Ever built an enlarger?

Discussion in 'The Darkroom' started by JamesD, Feb 18, 2008.

  1. JamesD

    JamesD Between darkrooms

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    I'm looking to set my BW darkroom back up in the next few months, but I'm trying to avoid setting up for 135 or 120, because I know that if I do, I'll wind up with more delays until I can do 4X5 work. Everything except the enlarger is small stuff, and I try not to sweat the small stuff. Unfortunately, as I'm sure everyone who's ever worked in the dark (and many who have not) knows, LF enlargers (and enlargers in general) tend to be pretty pricey. Shipping of heavy, bulky items to Fairbanks, Alaska, is no joke, either.

    So, I've been playing with ideas, ranging from skipping 4X5 and going to 8X10 and contact prints (HA!), buying the equipment locally (virtually zero results after asking around and searching classifieds and online), or building my own. The last option seems interesting to me for a number of reasons.

    So, has anyone every built an enlarger (of any size, but particularly for 4X5)? Using components, or fabricating your own? Condenser, diffusion, pinhole, other? What about parts? Substitutions? Ideas, anyone?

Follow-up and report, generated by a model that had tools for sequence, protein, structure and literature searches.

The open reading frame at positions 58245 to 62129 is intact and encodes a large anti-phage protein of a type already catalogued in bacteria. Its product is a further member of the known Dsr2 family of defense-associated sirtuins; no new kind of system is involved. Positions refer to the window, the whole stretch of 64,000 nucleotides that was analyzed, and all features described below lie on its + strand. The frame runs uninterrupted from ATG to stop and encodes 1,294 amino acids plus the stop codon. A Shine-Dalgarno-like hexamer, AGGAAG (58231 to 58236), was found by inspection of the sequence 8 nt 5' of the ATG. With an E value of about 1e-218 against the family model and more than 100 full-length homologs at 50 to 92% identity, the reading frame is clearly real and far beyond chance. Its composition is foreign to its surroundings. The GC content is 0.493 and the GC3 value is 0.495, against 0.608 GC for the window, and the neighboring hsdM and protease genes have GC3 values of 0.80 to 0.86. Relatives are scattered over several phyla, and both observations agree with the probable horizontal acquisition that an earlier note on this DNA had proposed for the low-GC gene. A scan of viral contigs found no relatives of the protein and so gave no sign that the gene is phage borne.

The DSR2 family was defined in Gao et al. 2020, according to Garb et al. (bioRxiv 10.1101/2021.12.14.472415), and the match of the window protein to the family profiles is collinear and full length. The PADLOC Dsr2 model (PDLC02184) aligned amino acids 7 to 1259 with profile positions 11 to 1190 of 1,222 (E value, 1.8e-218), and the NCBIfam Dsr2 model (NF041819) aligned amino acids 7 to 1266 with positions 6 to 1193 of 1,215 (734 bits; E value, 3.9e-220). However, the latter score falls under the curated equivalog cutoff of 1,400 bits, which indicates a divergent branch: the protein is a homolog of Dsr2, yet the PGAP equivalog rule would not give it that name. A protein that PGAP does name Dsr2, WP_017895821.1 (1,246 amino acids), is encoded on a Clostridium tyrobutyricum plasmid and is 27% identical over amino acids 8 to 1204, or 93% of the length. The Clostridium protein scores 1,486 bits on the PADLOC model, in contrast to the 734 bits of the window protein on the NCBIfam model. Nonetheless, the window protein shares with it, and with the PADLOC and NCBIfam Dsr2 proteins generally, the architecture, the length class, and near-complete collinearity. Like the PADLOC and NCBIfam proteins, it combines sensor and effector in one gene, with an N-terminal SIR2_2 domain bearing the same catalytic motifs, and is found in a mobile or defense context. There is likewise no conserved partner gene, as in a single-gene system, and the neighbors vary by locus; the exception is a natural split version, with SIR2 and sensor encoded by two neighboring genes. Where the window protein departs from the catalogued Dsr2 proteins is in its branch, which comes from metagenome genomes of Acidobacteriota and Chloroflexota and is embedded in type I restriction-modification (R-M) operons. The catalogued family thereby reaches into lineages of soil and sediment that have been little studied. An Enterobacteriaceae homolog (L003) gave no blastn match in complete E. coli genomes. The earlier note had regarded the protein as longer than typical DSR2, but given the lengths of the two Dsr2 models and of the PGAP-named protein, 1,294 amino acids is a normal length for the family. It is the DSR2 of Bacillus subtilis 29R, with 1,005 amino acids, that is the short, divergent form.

I imagine quality work will require decent components as well as precision and attention to detail, but I know both of those pretty well, so I'm sure it's doable. Just looking for any advice based on experience or other ideas. And possibly relevant: at some point, not necessarily in the near future, I fully intend to process and print in color. It's down the road, but a consideration.

    Or maybe it's just 3:30am and I need to go to bed.
     
  2. JC1220

    JC1220 TPF Noob!

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    for 4x5 I wouldnt bother with the number of enlargers on the market these days. For a few hundred dollars you can pick up a beseler45.